Basic Usage – Reusing Simple Component Field


You are developing a custom wp theme, and you are using acf pro to allow your client to easily edit various content on the site. However, this theme has a special requirement, that is, any button can be either a) Internal page link selected from a dropdown, b) Internal page link, but a input field so the client is allow to append query string to the url, c) External link to other site, but might or might no open in a new tab. And the buttons are all over the place, in the header, sidebar, content, footer, call out area…

Normal solution

If you were to do this with plain ACF Pro plugin, you’d probably be doing something similar to this:

For every button, might be in the same field group or different ones, might be inside a repeater or a flexible content block, you’d create the following fields for every single button instance:

  1. a select field for the client to choose the button type, either “Internal Pages” or “Custom”.
  2. a input box toe hold the text in the button.
  3. a conditional page link field, only visible when the button type is “internal Pages”, for the client to select a page link.
  4. a conditional input field, only visible when the button type is “Custom”, for client to enter any URL link.
  5. a conditional true/false field, only visible when the button type is “Custom”, for client to decide if the button should be opened in new tab or not.

You’d create something like this for one button:

However, some template has buttons on different places, so you’d probably start giving prefixes to those fields, something along the line of “sidebar_button_type”, “sidebar_button_text”… and “callout_button_type”, “callout_button_text”…

Even more, some of the buttons could be optional, such as, the client might not always need a button in the sidebar. Then you’d probably start creating new conditional field to every single button’s fields.

And the next thing you knew, now the client wanted to have the freedom to control the color as well as the text color of the button. As you can see, you’d be repeatedly adding new fields to every single button instance you have, and the pain could escalate really easily.

Using the ACF Component Field Plugin

Now we know what the problem is, but how can ACF Component Field plugin solves this issue?

  1. First, install ACF Pro and ACF Component Field Plugin and activate them.
  2. Yes, we will still have to create the button fields, “button_type”, “button_text”, “button_style”, “button_***”… But this time, we are creating the basic foundation of the button.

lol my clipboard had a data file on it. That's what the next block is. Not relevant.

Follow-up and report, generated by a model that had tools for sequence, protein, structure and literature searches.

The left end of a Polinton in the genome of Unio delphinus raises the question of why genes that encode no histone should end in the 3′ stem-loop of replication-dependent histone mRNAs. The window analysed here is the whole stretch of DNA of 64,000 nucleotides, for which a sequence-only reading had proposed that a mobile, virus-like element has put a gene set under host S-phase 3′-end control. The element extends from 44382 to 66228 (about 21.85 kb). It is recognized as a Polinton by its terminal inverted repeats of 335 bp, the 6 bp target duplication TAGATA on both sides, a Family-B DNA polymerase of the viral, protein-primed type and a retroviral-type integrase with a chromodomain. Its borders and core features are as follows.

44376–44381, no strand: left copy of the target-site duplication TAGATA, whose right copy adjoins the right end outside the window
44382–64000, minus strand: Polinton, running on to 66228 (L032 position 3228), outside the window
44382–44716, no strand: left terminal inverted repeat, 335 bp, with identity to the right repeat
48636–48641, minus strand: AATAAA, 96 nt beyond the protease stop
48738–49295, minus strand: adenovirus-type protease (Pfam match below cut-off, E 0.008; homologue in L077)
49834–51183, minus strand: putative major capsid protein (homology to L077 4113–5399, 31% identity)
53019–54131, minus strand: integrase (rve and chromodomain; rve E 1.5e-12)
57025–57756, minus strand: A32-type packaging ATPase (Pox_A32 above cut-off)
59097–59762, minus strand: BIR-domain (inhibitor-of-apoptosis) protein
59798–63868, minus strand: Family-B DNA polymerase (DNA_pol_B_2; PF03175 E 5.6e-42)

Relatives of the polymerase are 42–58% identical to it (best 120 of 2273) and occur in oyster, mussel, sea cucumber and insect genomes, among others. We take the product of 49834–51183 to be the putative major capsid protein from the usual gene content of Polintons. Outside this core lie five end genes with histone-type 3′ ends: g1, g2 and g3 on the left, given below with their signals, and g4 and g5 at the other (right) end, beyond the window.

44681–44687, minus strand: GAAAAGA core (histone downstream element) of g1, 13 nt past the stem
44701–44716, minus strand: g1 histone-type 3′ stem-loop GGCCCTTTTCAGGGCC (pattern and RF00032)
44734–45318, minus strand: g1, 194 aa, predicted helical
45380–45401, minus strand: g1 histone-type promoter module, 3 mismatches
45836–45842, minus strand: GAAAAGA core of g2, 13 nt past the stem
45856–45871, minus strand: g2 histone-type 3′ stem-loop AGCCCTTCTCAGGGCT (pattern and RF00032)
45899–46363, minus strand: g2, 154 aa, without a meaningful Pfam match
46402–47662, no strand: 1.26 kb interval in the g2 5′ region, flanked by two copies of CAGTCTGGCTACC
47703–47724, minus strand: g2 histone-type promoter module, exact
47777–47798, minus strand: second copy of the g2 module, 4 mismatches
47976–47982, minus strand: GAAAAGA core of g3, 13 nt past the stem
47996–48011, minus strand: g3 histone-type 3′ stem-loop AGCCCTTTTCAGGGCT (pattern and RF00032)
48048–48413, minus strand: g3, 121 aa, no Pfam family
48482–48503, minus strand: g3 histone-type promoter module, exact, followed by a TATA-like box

3. Before we save the field group, we check the checkbox “Used as ACF Component Field” to tell ACF that we want this field group to be treated as a “component”, meaning, we will be reusing this sets of fields in many places.
  4. After we saved the “Button Component” group, it will be appearing under the “component” on ACF field groups page.
  5. Now, we can go ahead and create our normal field group. Whenever we want to use a button, we just need to select the field type “component field”, and choose the component group we want to use. In our case, it’s the “Button Component” group.
  6. Like in the scenario, the buttons can be many different places. Sure, we just need to create those, and use the “Button Component”.
  7. We can also use whatever provided by acf, such as, layouts, column width, column classes… to make your back-end fields layout prettier and easier for the client to edit.
  8. If we go to the page you assign this field group, the button’s fields are now pulled, and nicely displayed on the screen:
  9. Isn’t the beautiful? Now, if the client wants a new button color to choose from, or any crazy requests they want, you only need to go back to your “Button Component” field group, and add whatever is needed. In our case, a new color select field “button_style”. It’ll now be available on everywhere this component is used.

Outputting in the template files

As the plugin described on the homepage, this plugin is using the same logic as a repeater field. So we don’t have to learn any new functions or new syntax to putout our data. We simply treat it just like a repeater field.

However, since we have this concept of component, this button component is going to be used everywhere. For better practice, we can extract the output into a function, and call that function whenever we have a button.

Further more, if you think the while loop is bothering you, (this is purely person preference), you can even move the while loop inside you functions. One thing to notice, if we were to move the while loop inside the function, we need to take account for getting the field values from a acf option page, taxonomy term, or user. So we need to make a little condition check before we output the button, and call the have_rows dynamically.

The above codes are just example on how you can output the component field’s data. You do whatever make sense for you or your team, there’s no absolute right or wrong.